## Alberto Apostolico, 1948–2015

* Our condolences on the loss of a colleague *

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Alberto Apostolico was a Professor in the Georgia Tech College of Computing. He passed away on Monday after a long battle with cancer.

Today Ken and I offer our condolences to his family and friends, and our appreciation for his beautiful work.

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## The Long Reach of Reachability

* Workshop on Infinite State Systems at the Bellairs Institute on Barbados *

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Joel Ouaknine is a Professor of Computer Science at Oxford University and a Fellow of St. John’s College there. He was previously a doctoral student at Oxford and made a critical contribution in 1998 of a kind I enjoyed as a student in the 1980s. This was contributing a win in the annual Oxford-Cambridge Varsity Chess Match, which in 1998 was won by Oxford, 5-3.

Today I’d like to report on some of the wonderful things that happened at a workshop on “Infinite-State Systems” hosted by Joel at the Bellairs Institute of McGill University last March 13–20 in Barbados, before we finally opened a chess set and played two games on the last evening.

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## The Halting Problem For Linear Machines

* A small idea before the fireworks show *

Thoralf Skolem was a mathematician who worked in mathematical logic, set theory, and number theory. He was the only known PhD student of Axel Thue, whose Thue systems were an early word-based model of computation. Skolem had only one PhD student, Öystein Ore, who did not work in logic or computation. Ore did, however, have many students including Grace Hopper and Marshall Hall, Jr., and Hall had many more including Don Knuth.

Today Ken and I try to stimulate progress on a special case of Skolem’s problem on linear sequences.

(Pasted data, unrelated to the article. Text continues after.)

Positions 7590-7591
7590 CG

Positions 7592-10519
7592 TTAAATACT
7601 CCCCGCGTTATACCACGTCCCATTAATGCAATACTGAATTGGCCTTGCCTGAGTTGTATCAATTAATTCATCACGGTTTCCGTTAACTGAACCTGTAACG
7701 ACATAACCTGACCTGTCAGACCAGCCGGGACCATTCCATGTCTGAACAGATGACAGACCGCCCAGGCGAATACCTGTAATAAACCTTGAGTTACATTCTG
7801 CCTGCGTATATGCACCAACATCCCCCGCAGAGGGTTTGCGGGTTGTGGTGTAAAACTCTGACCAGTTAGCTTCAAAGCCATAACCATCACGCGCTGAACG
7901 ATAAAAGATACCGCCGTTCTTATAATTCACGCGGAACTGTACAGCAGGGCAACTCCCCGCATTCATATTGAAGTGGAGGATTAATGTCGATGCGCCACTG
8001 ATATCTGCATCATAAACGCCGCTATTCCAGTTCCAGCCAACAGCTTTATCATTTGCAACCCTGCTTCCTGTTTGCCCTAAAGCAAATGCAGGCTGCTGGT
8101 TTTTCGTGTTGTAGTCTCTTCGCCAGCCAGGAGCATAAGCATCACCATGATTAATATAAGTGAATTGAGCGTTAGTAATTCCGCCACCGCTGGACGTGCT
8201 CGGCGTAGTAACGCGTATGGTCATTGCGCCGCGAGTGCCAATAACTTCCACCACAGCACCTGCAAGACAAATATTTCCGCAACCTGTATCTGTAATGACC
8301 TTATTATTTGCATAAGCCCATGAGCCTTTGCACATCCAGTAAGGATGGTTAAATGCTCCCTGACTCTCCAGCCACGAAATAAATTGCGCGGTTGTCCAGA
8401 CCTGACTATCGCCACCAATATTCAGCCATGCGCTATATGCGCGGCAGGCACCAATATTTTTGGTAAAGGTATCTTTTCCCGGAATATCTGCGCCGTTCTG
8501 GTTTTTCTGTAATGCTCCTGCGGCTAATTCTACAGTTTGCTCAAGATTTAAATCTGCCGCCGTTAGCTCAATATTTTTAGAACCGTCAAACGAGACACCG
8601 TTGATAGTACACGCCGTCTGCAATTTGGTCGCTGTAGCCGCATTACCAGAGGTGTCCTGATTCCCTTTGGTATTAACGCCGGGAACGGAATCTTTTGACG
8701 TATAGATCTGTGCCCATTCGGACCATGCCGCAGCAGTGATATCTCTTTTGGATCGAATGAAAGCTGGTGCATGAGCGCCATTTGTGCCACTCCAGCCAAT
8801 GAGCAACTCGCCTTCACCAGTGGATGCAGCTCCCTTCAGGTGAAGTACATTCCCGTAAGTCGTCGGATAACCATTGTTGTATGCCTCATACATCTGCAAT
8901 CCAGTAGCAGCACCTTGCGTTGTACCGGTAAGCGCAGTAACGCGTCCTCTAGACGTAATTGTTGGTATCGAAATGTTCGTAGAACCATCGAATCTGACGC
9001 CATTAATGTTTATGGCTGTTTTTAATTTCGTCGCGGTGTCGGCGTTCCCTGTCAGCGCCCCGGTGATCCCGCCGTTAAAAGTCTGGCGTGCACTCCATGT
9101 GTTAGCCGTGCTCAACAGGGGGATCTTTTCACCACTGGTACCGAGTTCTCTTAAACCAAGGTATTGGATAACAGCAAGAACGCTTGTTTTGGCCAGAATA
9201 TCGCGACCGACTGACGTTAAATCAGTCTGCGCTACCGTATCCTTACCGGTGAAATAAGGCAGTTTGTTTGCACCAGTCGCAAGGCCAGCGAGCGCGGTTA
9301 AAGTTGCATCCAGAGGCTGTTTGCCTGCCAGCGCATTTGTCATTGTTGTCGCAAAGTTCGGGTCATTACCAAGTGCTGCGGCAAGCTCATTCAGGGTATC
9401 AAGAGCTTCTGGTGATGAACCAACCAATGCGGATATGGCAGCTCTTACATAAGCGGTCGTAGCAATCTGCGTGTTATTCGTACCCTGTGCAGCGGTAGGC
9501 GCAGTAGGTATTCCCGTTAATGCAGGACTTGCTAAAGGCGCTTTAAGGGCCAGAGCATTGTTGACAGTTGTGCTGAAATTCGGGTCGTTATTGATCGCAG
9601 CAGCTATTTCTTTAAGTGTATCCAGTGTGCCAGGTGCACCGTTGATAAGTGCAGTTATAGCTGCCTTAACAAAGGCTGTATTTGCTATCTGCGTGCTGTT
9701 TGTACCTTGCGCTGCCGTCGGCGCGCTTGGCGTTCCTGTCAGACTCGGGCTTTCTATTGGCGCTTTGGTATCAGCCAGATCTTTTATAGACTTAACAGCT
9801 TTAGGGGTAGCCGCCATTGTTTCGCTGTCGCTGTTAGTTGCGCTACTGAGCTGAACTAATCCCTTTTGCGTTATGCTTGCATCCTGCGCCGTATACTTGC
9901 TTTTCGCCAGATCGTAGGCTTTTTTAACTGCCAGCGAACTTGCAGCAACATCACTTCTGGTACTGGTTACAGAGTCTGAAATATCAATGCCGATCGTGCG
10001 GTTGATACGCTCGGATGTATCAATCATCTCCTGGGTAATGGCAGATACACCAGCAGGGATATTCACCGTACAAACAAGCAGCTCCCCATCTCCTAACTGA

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## We Say Branches And You Say Choices

* You like tomato and I like tomahto *

Oded Green, Marat Dukhan, and Richard Vuduc are researchers at Georgia Institute of Technology—my home institution. They recently presented a paper at the Federated Conference titled, “Branch-Avoiding Graph Algorithms.”

Today Ken and I would like to discuss their interesting paper, and connect it to quite deep work that arises in computational logic.

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## Fathering Randomized Fault Tolerance

* Plus visiting Michael Rabin and talking about Gödel’s Theorems *

Michael Ben-Or and Michael Rabin have won the 2015 Dijkstra Prize for Distributed Computing. The citation says,

In [two] seminal papers, published in close succession in 1983, Michael Ben-Or and Michael O. Rabin started the field of fault-tolerant randomized distributed algorithms.

Today Ken and I wish to congratulate both Michaels for the well deserved recognition for their brilliant work.

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## Security Via Surrender

* A new approach to protecting data and identity *

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David Sanger and Julie Davis are reporters for the paper of record—the New York Times. Their recent article starts:

WASHINGTON—The Obama administration on Thursday announced what appeared to be one of the largest breaches of federal employees’ data, involving at least four million current and former government workers in an intrusion that officials said apparently originated in China.

The compromised data was held by the Office of Personnel Management, which handles government security clearances and federal employee records. The breach was first detected in April, the office said, but it appears to have begun at least late last year.

The target appeared to be Social Security numbers and other “personal identifying information,” but it was unclear whether the attack was related to commercial gain or espionage. …

Today Ken and I want to suggest a new approach to data breaches like this.

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## Minor Insights Are Useful

* Some examples of small insights that help *

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Julia Chuzhoy and Chandra Chekuri are experts on approximation algorithms: both upper and lower bounds. Each is also interested in graph theory as it applies to algorithms.

Today Ken and I wish to talk about their recent papers on structural theorems for graphs.

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